Changes elsewhere
Speaking of AUTOSPORT, there is a fair bit of movement happening over there, almost like the F1 media has its own transfer window! Pablo Elizalde left AUTOSPORT to join as of February 1st. Elizalde was not the only journalist heading out of AUTOSPORT’s doors, earlier this week, it was announced that Jonathan Noble will be joining from May. Both of them are huge gains to’s portfolio, as it becomes increasingly clear that they are looking to become a major player in the digital world. With Charles Bradley leading the ship, it will be fascinating to see where things head from here.

With exits, there are arrivals. Lawrence Barretto jumps ship from BBC’s F1 online team to AUTOSPORT as their new F1 reporter. That in itself is a big move, not only do AUTOSPORT gain a talented writer, but BBC’s F1 online output is once again sliced. At this point, Andrew Benson must be the only permanent F1 writer that BBC have.

More pre-Australia scheduling news
The special Formula 1 edition of A Question of Sport will air next Friday (27th February) at 19:30 on BBC One, it has been confirmed. I’m a bit surprised that this wasn’t held back until the Friday before Melbourne if at all possible to help build-up to the new season. The edition features McLaren test driver Kevin Magnussen and Red Bull boss Christian Horner alongside BBC F1 team members Suzi Perry and David Coulthard.

Elsewhere, the Australian Grand Prix Qualifying programme will be broadcast live on Sky Sports F1 as usual, but also Sky Sports 1 and Sky1, which is an unusual occurrence! The benefit of it being on Sky1 is that Sky1 has a +1 service, for anyone who wishes to have an extra hour in bed. The race will still be exclusively live on Sky’s F1 channel.

News round-up: A Question of F1; Sky looking for new sponsor

Alongside the big Premier League news from earlier this week, there are a few bits of other news worth reporting on this blog, including Sky Sports looking for a new sponsor for 2015.

Sky Sports F1 looking for new sponsor
Thanks to Jon Wilde over on Twitter for the tip here, alerting me to the news that Sky Sports F1 are looking for a new sponsor for 2015. Santander and were their sponsors for 2012, with Rolex and Shell taking over for 2013 and 2014. No idea at this stage who will be sponsoring their programming this season.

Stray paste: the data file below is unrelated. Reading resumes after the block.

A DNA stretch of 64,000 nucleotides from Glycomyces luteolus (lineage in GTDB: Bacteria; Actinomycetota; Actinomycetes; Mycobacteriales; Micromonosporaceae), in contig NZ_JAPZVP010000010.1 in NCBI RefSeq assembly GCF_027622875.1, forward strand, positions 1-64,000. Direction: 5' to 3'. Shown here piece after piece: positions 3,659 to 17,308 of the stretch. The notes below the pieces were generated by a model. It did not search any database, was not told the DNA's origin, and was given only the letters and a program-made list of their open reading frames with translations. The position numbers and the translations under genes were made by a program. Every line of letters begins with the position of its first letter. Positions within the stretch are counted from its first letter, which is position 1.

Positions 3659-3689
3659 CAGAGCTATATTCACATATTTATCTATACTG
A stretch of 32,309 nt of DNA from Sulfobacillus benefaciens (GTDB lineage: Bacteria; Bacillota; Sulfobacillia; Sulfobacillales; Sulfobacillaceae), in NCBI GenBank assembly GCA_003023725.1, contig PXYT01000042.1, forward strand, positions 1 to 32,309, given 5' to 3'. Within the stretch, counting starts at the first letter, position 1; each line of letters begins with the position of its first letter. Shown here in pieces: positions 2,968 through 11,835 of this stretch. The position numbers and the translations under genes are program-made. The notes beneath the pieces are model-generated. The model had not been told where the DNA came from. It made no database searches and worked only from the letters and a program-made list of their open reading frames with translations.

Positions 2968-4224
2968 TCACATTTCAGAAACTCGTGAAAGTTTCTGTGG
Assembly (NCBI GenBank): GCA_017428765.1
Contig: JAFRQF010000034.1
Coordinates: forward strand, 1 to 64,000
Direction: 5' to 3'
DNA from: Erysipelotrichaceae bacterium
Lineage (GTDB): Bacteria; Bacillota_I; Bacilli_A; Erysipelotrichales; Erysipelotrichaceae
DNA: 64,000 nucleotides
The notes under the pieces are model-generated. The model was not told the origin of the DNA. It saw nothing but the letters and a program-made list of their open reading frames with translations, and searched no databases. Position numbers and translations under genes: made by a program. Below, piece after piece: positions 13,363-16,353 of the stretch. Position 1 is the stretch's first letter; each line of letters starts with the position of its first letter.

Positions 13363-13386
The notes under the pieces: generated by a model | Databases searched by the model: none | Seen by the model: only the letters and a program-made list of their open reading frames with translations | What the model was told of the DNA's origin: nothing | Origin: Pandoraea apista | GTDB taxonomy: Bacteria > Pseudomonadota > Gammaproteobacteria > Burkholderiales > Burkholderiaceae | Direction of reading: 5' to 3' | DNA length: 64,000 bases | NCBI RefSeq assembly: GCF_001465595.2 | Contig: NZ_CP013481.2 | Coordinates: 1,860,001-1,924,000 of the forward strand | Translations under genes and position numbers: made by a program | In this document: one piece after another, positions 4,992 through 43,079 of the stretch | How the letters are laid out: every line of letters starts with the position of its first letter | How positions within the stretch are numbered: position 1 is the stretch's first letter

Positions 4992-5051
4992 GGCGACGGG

There’s a few statistics over on the Sky Media PDF for anyone interested, including a few viewing figure predictions for 2015. The headline one is that they predict a Individual 4+ TVR of 0.98 for their race day programme, equivalent to around 572,000 viewers, which looks incredibly low to me, although it presumably includes Paddock Live and the Track Parade.

Pre-Australia schedule takes shape
Sky Sports F1’s schedule, up to and including Friday practice for the Australian Grand Prix, has been revealed. It is not much different to last year, so isn’t a worth a piece on its own, until the finalised version is released. Either way, The F1 Show is definitely back from Friday 6th March, Classic F1 races are back and everything else is as you would expect.

If you were hoping for a completely new batch of Classic F1 races, you’ll be disappointed to learn that three of the first six races being broadcast are from 2014 (Bahrain, Hungary and Britain). Out of the other three, two have been broadcast before (1990 US and 1996 Australia), which leaves only the 1995 Pacific Grand Prix as a new classic race to the channel.

Over on the BBC, a special Formula 1 themed episode of A Question of Sport was filmed today, presumably for transmission in the lead-up to the Australian Grand Prix. The guests were David Coulthard, Suzi Perry, Kevin Magnussen and Christian Horner.

British Eurosport announce Superbike commentary team
Tom Gaymor will be stepping up to lead World Superbikes commentator on British Eurosport for 2015. Gaymor will be commentating alongside Steve Parrish for the rounds that clash with the British Superbike Championship. Jack Burnicle and James Whitham will commentate on the World Superbikes when it does not clash with the British Superbikes. The channel will also be broadcasting the FIM Endurance World Championship live in 2015.

Over on BT Sport, no official confirmation on their MotoGP line-up, but it doesn’t appear that there will be any changes. I did ask Abi Griffiths about their coverage this season, and the response was that “all will be revealed soon.” So, we shall see.